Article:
Wolves among us: Five real-life werewolves from history
These days werewolves can be fun, exciting and even a little sexy, but in early modern period Europe, they were deemed a very real and dangerous threat.
Michelle StarrScience editor
Michelle Starr is CNET's science editor, and she hopes to get you as enthralled with the wonders of the universe as she is. When she's not daydreaming about flying through space, she's daydreaming about bats.
Werewolf accusations were not entirely uncommon in Europe in the 16th and 17th centuries. Werewolf and witch hysteria sort of developed in tandem. Indeed, some people were even accused of both. Such accusations, and the subsequent confessions and executions, were often politically expedient. But sometimes the fear was absolutely warranted, whether the danger lurked clad in the fur of a wolf or the clothes of a man.
Here, in celebration of Halloween, are five of the most famous werewolves from history.
Content warning: History was awful. This article touches on murder, mutilation, torture, incest and animal cruelty.
The Beast of Gévaudan
In the 18th century, the former French province of Gévaudan was terrorised by the so-called La Bête du Gévaudan (The Beast of Gévaudan). The Beast was first spotted by a woman tending cattle in the forest near Langogne in June. Her bulls scared it off, but not long after it attacked and killed a 14-year-old girl. Over the ensuing months, sightings and attacks mounted.
Those who had seen the Beast described a large wolf with unusual red fur streaked with black. And it was prolific. According to a 1980 study, there were 210 attacks in all, 113 of which were fatal.
In 1765, King Louis XV decreed that the French state would help slay the beast.
When the appointed professional wolf hunters, Jean Charles Marc Antoine Vaumesle d'Enneval and his son Jean-François failed to kill the Beast, the king sent Lieutenant of the Hunt François Antoine instead. Antoine slayed three giant grey wolves, yet the attacks still continued.
It wasn't until a local hunter named Jean Chastel shot a wolf on June 19, 1767 that the attacks were declared over.
Nowadays, it is thought that the Beast of Gévaudan wasn't a single wolf at all, but many individual wolves. When France went on a wolf-killing rampage, these wolves were slain, one by one, until none were left and the attacks abated. Not that killer wolves were unusual. According to historian Jean-Marc Moriceau, some 7,600 people were killed by wolves in France between 1362 and 1918.
The Livonian Werewolf
Werewolf confessions could be quite peculiar. Take Thiess of Kaltenbrun. Living in Swedish Livonia in the 17th century, Thiess was widely believed among his neighbours to be a werewolf who had dealings with the Devil.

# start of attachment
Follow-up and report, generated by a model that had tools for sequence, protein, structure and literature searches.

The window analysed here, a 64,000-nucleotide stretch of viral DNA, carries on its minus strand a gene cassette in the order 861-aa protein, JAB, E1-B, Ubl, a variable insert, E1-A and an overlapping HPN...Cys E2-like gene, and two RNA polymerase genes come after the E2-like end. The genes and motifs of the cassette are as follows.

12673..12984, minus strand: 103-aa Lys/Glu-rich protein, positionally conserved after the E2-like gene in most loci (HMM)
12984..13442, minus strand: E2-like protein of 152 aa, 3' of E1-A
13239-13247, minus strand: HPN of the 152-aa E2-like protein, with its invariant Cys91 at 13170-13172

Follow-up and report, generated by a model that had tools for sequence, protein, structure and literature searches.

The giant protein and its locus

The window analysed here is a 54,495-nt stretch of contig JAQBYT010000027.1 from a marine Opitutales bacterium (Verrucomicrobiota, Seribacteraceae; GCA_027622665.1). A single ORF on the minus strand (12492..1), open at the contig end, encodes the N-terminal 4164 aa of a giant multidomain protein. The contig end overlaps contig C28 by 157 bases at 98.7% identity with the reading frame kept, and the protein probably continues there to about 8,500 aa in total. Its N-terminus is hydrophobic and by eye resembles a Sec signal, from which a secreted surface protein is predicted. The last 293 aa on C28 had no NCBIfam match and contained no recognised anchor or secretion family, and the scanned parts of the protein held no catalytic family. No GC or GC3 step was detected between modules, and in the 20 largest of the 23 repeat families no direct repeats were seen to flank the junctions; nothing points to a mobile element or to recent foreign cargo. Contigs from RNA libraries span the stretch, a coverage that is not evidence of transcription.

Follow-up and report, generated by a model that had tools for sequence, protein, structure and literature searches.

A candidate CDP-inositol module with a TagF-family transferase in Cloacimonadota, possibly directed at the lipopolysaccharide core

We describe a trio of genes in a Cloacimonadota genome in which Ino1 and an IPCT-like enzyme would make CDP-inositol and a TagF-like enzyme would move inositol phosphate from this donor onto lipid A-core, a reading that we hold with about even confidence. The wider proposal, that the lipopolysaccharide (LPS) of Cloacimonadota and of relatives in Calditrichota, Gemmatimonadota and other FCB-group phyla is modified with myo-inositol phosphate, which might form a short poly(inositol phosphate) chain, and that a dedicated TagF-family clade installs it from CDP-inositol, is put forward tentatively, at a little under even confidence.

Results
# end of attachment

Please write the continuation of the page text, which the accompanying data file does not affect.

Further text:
Local authorities didn't much care. After all, Thiess was in his eighties. What harm could he do with a few tall tales? But when they brought him in for questioning on an unrelated matter in 1691, he voluntarily began divulging details of his werewolf lifestyle... although with many inconsistencies.
According to his account, Thiess had given up lycanthropy 10 years prior to his appearance before the judges in 1691. Before that, he and other werewolves would change into wolves on St Lucia's Day, Pentecost and Midsummer Night by donning magical wolf pelts (although he later changed his story and said they just stripped naked and turned into wolves).
They would then maraud the countryside, killing farm animals and cooking and eating them (when asked how wolves cooked meat, he declared they were still human, not wolves).
His story only grew stranger. He claimed that werewolves were the agents of God, and would travel to hell to battle the Devil and his witches, bringing back grain and livestock the witches had stolen. In fact, he said, he had done so just one year earlier, contradicting his earlier claim of having renounced lycanthropy.
When it was revealed that Thiess was not a devout Lutheran, and indeed practised a form of folk magic involving charms and blessings, the judges ordered Thiess flogged and exiled. What happened to the strange chap after that is unknown.
The Wolf of Ansbach
In 1685, a wolf was terrorising and killing humans in the town of Neuses in the Principality of Ansbach in what is now Germany. This was not unusual, but the town's chief magistrate Michale Leicht, had just died. He was a cruel and unpopular man, and it was said that the wolf visited Leicht's residence, so it was only a small leap for people to claim the wolf was Leicht, returned as a werewolf for his sins.